EconOff that strong public opposition has made this
legislation highly unlikely.

Educational Efforts Expanding
-----------------------------

5. (U) The MOH collaborates with outside organizations,
including the American Chamber of Commerce, to educate on
HIV prevention through its statutory arm the Health
Promotion Board (HPB). HPB is the main driver for national
health promotion and disease prevention programs.

6. (SBU) Senior Minister of State for Health Balaji
Sadasivan announced formation of a Singapore "AIDS Alliance"
at an American Chamber of Commerce meeting on August 25.
The AIDS Alliance will coordinate the efforts of government,
business, health workers, and community organizations to
promote AIDS education and end discrimination against HIV-
positive individuals.

7. (SBU) The vast majority of Singaporeans contract HIV
through sexual means. Still, concerns about negative public
reaction prevent MOH from undertaking safe sex education
promoting condom use; MOH opts instead to promote abstinence
and monogamous sexual activity as prevention methods. Some
activists here argue that educational programs directed at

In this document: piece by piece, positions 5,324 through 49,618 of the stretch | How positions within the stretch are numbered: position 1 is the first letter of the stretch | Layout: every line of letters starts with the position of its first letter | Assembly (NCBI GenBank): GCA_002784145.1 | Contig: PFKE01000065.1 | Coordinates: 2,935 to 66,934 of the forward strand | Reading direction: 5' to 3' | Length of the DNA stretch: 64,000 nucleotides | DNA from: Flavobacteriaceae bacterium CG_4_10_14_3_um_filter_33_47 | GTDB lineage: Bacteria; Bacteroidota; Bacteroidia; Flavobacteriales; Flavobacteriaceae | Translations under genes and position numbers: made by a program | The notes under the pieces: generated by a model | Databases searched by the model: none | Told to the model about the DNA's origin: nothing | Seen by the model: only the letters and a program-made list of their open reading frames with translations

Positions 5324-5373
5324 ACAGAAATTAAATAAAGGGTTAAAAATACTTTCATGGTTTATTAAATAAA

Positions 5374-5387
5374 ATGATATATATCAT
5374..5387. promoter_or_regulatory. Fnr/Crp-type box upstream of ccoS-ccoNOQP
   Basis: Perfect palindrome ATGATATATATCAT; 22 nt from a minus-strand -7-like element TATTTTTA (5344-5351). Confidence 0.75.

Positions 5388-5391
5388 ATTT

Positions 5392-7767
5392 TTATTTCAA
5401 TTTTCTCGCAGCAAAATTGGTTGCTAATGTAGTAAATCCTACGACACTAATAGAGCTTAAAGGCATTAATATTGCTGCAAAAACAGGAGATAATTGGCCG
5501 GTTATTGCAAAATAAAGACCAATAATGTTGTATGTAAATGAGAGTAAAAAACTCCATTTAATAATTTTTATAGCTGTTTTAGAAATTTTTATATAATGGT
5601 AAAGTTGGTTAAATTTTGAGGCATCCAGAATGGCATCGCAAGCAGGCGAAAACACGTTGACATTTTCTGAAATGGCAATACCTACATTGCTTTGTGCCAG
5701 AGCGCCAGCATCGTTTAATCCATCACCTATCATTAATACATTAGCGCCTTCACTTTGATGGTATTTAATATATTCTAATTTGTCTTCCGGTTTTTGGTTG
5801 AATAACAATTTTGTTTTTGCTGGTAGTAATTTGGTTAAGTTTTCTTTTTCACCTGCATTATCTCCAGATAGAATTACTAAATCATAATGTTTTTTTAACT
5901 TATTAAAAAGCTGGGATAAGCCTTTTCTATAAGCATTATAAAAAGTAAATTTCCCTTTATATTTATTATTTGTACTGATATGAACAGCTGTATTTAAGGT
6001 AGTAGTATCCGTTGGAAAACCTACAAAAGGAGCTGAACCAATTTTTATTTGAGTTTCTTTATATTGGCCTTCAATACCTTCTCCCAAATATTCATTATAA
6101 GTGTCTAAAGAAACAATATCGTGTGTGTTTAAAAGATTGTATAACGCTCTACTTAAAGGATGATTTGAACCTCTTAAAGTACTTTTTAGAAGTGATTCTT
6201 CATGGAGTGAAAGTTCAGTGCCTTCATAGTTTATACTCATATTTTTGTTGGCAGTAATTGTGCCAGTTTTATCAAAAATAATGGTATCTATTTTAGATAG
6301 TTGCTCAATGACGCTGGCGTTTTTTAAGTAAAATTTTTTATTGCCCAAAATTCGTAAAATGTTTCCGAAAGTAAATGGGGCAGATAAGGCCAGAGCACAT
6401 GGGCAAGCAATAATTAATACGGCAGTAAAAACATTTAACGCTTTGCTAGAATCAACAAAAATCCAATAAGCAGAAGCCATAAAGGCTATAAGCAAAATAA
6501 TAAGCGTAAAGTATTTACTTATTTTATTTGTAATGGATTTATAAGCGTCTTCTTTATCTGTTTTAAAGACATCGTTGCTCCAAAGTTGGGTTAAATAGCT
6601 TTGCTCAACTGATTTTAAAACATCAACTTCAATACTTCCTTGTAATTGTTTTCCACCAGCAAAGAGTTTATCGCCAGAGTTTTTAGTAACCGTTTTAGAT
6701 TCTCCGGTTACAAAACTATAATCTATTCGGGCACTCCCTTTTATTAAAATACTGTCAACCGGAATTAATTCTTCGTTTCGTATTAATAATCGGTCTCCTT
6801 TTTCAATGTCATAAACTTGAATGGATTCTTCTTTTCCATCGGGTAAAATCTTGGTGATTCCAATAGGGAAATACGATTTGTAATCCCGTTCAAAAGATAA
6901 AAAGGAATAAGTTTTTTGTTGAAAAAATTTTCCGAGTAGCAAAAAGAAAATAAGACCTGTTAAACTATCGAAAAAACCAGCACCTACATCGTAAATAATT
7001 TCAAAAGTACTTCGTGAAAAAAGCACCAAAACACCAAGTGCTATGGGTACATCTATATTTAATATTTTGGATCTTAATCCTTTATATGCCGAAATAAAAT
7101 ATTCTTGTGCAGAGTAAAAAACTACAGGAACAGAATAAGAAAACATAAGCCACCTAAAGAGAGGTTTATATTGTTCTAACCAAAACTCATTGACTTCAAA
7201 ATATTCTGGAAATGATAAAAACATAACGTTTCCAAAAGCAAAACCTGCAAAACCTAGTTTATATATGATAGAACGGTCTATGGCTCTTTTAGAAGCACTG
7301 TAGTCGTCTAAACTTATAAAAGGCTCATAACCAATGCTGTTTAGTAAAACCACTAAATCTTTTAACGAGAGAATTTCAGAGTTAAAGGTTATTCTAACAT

condom usage could decrease the infection rate more
effectively than this or legislation aimed at already
infected individuals.

-- HIV infections are not high among youths (age 10-19) but
incidence of other sexually transmitted infections
(including gonorrhea and syphilis) has upsurged, a sign of
increased unsafe sexual activity.

-- A 2004 National University of Singapore study found that
while "almost all" Singapore men use a condom when engaging
in casual sex in Singapore, only about half will use a
condom when abroad. Singaporean men do engage in sex
tourism; the nearby Indonesian island of Batam, for example,
is a popular destination for Singapore men seeking
inexpensive prostitutes, and has a higher rate of HIV
infections than Singapore.

Singapore Actions to Stem Spread Have Economic Impact
--------------------------------------------- --------

8. (U) The Singapore economy has benefited from homosexual-
oriented consumerism, despite the illegality of homosexual
acts. However, the GOS has recently cancelled gay parties
and concerts on the grounds that reported sexual activity at
earlier homosexual gatherings contributed to the HIV
infection rate. (NOTE: The Nation Party, a popular gay and
lesbian festival held annually in Singapore since 2000,
hosted 8,000 people and generated an estimated S$6 million
(US$3.63 million) in tourism revenue in 2003. END NOTE.)

9. (SBU) COMMENT: Authorities are worried about the
increased rate of HIV, and are responding by trying to
legislate responsible behavior, even if some civil liberties
like personal privacy are encroached upon in the process.
While it is too early to speculate whether new infections in
2005 will be higher or lower than 2004 numbers, more
individuals are taking HIV tests, an indication that
government efforts to increase HIV awareness among the
population is working. END COMMENT.


Lavin